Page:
Do you find yourself at networking events wondering if it’s really worth your time to be out of the office?
As a small business owner, you know networking is important. But how do you make it more effective…and more fun? Here are 5 tips to improve your networking skills.
1. Create your game plan
You’ve picked an event to attend. You had your reasons for choosing this event. (Hopefully, you considered the size/scope, the likely attendees, and the type of event!) Now, how do you create a game plan for effect networking?
- Pick a number of people you’d like to meet. Maybe it’s 3; maybe it’s 10. (Start small, and pick a number that feels right to you!)
- Choose your mindset. That’s right. Mindset matters. You might have to pump yourself up. You might have to meditate. Choose a mindset that works for you, so you feel energized and ready to meet new people.
- Think through your conversation entrance and exit strategies. Thinking through this ahead of time will save your nerves and your patience! We’ll talk about entrance strategies next, but for your exit, choose an approach that works for you. For example: “It’s been great talking with you. I look forward to our follow-up. I’m off to meet my next new friend! Enjoy the event.”
2. Prepare three talking points
We talked about exit strategies above, but how about your approach to conversation with each new person? Make it simple. Prepare three talking points that you’ll use with each new person you meet.
- Lead with a question. Pick an open-ended question and something that gets your new contact talking. It could be direct – “What do you do for work and why do you like it?” (The why part of that question is gold!) or maybe more indirect – “Why have you chosen to attend this event and what are you hoping to accomplish?” (It takes the pressure off both of you, and puts you in co-conspirator strategizing mode.) Find a question that works for you and will be appropriate for everyone you meet. Just get that conversation started!
- Nail your 30-second elevator pitch. You know it. You’ve heard this before. Challenge yourself to get it down to 30-seconds. Leave them wanting more. Be clear, concise, & fun.
- Prepare an ask. Let’s assume your conversations go well. At least some people will ask how they can help you. Be ready! Share your ideal customer profile or talk about an upcoming event or sale. Be specific; not general. Offer something they can actually do!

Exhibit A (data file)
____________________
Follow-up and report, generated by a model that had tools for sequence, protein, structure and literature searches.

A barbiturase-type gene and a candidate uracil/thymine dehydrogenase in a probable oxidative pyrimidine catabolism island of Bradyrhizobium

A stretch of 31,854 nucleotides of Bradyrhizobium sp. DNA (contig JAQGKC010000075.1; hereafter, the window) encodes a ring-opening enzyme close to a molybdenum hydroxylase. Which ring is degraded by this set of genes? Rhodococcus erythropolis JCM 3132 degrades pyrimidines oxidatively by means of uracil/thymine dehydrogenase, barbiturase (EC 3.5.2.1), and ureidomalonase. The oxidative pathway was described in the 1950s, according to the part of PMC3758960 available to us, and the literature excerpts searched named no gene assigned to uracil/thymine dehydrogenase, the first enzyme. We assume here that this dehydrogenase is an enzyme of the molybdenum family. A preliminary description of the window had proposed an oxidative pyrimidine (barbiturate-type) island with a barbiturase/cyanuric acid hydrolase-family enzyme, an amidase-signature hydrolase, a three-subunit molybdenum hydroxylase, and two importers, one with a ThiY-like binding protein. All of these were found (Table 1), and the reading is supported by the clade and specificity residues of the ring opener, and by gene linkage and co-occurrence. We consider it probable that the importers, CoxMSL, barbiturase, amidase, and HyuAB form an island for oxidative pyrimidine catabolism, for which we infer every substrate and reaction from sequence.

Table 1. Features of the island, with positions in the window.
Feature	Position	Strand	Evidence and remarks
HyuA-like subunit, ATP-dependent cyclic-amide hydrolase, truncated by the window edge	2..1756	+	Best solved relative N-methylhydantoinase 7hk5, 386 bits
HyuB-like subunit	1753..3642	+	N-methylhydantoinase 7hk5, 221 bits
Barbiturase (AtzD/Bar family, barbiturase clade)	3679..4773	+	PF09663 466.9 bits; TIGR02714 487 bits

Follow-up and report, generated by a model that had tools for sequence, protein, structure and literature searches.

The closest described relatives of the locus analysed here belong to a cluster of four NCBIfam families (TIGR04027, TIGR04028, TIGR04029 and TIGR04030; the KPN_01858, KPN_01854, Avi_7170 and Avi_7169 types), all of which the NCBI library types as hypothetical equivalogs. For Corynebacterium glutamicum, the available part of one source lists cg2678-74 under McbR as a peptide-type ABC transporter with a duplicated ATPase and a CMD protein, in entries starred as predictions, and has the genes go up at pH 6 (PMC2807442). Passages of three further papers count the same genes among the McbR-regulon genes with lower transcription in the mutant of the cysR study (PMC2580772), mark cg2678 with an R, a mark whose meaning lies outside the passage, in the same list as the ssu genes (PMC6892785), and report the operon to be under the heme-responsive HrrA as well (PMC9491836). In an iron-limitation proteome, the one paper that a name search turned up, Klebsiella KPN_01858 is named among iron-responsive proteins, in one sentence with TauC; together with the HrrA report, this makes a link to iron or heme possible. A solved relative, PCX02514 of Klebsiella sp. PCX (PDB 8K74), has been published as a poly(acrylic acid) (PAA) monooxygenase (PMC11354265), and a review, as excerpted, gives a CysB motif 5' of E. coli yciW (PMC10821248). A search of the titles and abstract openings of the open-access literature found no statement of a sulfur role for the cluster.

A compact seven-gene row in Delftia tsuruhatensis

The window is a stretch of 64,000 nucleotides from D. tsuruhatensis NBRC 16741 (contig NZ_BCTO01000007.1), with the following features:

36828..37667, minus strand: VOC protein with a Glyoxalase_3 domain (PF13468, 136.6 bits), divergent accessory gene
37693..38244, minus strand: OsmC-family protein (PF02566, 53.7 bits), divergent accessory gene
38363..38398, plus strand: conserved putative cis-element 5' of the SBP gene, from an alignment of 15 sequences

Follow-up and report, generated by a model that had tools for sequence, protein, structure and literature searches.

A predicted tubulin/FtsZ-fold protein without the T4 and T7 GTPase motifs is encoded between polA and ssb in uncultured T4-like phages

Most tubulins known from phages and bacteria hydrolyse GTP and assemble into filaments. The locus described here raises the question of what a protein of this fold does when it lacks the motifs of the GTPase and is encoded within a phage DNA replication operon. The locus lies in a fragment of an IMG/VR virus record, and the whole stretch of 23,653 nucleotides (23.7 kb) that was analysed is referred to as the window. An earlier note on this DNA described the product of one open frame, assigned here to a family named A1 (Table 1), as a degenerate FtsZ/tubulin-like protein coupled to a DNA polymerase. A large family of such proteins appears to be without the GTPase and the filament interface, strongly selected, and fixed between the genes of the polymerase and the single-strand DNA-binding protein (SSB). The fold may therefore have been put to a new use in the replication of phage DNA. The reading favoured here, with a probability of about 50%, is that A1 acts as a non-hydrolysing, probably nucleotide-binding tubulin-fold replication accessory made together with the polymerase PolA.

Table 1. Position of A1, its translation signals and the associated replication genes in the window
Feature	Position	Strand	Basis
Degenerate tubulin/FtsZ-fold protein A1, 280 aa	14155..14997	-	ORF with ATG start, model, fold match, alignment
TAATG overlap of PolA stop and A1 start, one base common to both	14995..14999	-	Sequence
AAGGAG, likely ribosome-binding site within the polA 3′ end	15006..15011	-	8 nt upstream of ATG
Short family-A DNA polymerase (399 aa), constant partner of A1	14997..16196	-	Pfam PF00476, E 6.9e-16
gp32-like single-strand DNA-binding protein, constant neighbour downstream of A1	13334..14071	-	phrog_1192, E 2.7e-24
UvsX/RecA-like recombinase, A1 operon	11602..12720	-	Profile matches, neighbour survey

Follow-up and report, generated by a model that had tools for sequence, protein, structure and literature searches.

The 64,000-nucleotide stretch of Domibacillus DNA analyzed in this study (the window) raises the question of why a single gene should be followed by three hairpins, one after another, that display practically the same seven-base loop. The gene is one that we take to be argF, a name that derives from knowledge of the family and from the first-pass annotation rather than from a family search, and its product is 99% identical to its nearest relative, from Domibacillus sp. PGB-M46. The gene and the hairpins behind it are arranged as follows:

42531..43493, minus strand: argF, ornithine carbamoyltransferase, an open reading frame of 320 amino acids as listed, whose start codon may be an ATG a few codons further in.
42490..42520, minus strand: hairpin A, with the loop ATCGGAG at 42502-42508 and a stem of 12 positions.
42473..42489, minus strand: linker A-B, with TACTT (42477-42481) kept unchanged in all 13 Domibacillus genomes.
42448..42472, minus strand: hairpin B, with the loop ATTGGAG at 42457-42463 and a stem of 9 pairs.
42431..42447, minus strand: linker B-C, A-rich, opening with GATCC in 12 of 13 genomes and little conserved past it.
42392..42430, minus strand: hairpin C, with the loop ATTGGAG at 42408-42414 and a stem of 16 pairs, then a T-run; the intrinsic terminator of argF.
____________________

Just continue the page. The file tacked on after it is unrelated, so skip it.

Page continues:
3. Build meaningful connections
Even if it is a business networking event, we’re all still human. At our core, we want to connect in meaningful ways with others. Make this your focus, and both you and the new people you meet will benefit.
You’ve got your three talking points. Your first couple conversations have gone well. Try taking it to the next level. How do you create more meaningful connections?
- Ask follow-up questions. As your new contact is talking, focus on what they’re saying instead of trying to respond. Ask follow-up questions. It’s simple. If you don’t know what to ask, use the questions of your childhood – why (do you like that)? how (did you do that)? what (comes next for you)? This shows true interest in what the other person is saying.
- Look for common ground. You can approach every conversation noticing differences or looking for similarities. If you focus on the latter, the conversation will quickly be more meaningful (for you both). Try finding 3 things that you share as the person is talking. Comment on those things. Connect.
4. Be a connector
Speaking of connecting, a really great tip that will set you apart from others is learning the art of connecting other people.
Let’s say your first conversation goes really well. That person sell insurance to small businesses. Your third conversation is with a doctor who has just opened his own practice. Connect those dots. Ask person three if they’ve met person one. If they haven’t, go out of your way to connect them on the spot.
When you do this, you benefit both people. You show that you’ve been listening and that you are someone who adds value. They will each remember your thoughtfulness and be more inclined to help you.
*Bonus – notice how good this simple act feels!
5. Own the follow-up
Own the follow-up; own the day! Why go to networking events and meet new people if there isn’t a next step? You can give your business card out all you like, but will anyone reach out? Here are a few tips for “owning the follow-up”:
- State your intention. When you exit a conversation, offer this, “I’ll send you an email so we have each other’s contact information. I look forward to connecting further.” Then, do it!
- Create a 24-hour rule. We’ve all done it. We have the best intentions, but a week goes by, or maybe two, and then it’s just awkward. Send a very short note within 24-hours.
- Add value. Offer your new contact something of value in your email. A link to an article you think they’d enjoy, an invitation to a future event, or a possible referral (this last one is gold!).
Networking is part of being a small business owner. Hopefully, these tips will help you be more effective and also make networking more enjoyable!